8-74. During the defense, mobility tasks include maintaining routes, coordi-nating gaps in existing obstacles, and supporting counterattacks. Engineers also open helicopter LZs and tactical landing strips for fixed-wing aircraft. Maintaining and improving routes and creating bypass or alternate routes at critical points are major engineering tasks because movement routes are sub-jected to fires from enemy artillery and air support systems. These enemy fires may necessitate deploying engineer equipment, such as assault bridging and bulldozers, forward. The commander can also evacuate dislocated civil-ians or restrict their movements to routes not required by his forces to en-hance his mobility. He can do this provided he coordinates the action with the host nation or the appropriate civil military operations agency and fulfills his responsibilities to displaced civilians under international law.

8-75. Priority of mobility support is first to routes used by counterattacking forces, then to routes used by main body forces displacing to subsequent posi-tions. This mainly involves breaching obstacles and improving combat roads and trails to allow tactical support vehicles to accompany moving combat ve-hicles. Careful coordination ensures leaving required lanes or gaps in obsta-cles for repositioning main body units and committing the counterattack force during the defense. Chemical reconnaissance systems also contribute to the force's mobility in a contaminated environment.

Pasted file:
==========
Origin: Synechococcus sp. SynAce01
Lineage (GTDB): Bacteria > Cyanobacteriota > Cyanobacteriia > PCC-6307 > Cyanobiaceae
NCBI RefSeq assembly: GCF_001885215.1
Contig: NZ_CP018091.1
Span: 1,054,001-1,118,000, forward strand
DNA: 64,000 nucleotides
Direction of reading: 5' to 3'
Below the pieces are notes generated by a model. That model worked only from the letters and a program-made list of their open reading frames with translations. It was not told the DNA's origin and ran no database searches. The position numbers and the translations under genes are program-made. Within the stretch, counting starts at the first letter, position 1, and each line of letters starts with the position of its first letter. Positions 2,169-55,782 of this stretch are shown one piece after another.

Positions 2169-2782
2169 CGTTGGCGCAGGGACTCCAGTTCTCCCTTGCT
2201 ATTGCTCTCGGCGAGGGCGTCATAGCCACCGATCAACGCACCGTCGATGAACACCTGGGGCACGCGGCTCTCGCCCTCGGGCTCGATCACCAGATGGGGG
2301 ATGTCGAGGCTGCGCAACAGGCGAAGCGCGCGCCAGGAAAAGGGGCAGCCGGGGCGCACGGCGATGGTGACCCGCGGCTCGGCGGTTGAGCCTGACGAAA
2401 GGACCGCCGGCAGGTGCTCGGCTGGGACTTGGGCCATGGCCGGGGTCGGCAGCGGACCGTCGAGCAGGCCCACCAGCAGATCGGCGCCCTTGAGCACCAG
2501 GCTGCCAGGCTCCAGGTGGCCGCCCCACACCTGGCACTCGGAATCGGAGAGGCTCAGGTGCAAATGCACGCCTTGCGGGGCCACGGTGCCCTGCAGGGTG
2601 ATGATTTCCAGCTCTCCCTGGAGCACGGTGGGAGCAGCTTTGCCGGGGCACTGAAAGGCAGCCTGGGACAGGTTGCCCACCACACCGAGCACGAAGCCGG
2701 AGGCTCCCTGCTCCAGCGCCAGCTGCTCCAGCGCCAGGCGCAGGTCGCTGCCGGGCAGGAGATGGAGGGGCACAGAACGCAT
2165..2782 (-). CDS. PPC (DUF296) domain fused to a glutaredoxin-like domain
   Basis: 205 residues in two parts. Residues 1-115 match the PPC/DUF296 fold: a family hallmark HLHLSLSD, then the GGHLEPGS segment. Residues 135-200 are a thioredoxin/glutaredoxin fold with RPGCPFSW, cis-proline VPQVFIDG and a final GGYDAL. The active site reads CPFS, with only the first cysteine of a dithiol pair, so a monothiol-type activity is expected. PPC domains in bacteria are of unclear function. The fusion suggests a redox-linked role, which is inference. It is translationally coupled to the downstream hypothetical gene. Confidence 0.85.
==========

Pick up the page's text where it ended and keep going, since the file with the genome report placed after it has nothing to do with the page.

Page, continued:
Countermobility

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large quantities of Class N and V material and specialized equipment to con-struct fighting and survivability positions and obstacles. With limited assets, the commander must establish priorities among countermobility, mobility, and survivability efforts. He ensures that his staff synchronizes these efforts with the echelon's logistic plans.

8-77. The commander may plan to canalize the enemy force into a salient. In this case, he takes advantage of the enemy force's forward orientation by fix-ing the enemy and then deliverfix-ing a blow to the enemy's flank or rear. As the enemy's attacking force assumes a protective posture, the defending com-mander rapidly coordinates and concentrates all effects of his fires against unprepared and unsupported segments of the enemy force in rapid sequence. The unit may deliver these fires simultaneously or sequentially.

8-78. When planning obstacles, commanders and staffs must consider not only current operations but also future operations. The commander should design obstacles for current operations so they do not hinder future opera-tions. Any commander authorized to employ obstacles can designate certain obstacles that are important to his ability to shape the battlefield as high-priority reserve obstacles. He assigns responsibility for preparation to a sub-ordinate unit but retains authority for ordering their execution or final com-pletion. An example of a reserve obstacle is a highway bridge over a major river. Such obstacles receive the highest priority in preparation and, if or-dered, execution by the designated subordinate unit.

8-79. A commander integrates reinforcing obstacles with existing obstacles to improve the natural restrictive nature of the terrain to halt or slow enemy movement, canalize enemy movement into EAs, and protect friendly positions and maneuver. He may choose to employ scatter able mines in accordance with the rules of engagement. Direct and indirect fires must cover obstacles to be effective. This requires the ability to deliver effective fires well beyond the obstacle's location. When possible, units conceal obstacles from hostile ob-servation. They coordinate obstacle plans with adjacent units and conform to the obstacle zone or belts of superior echelons.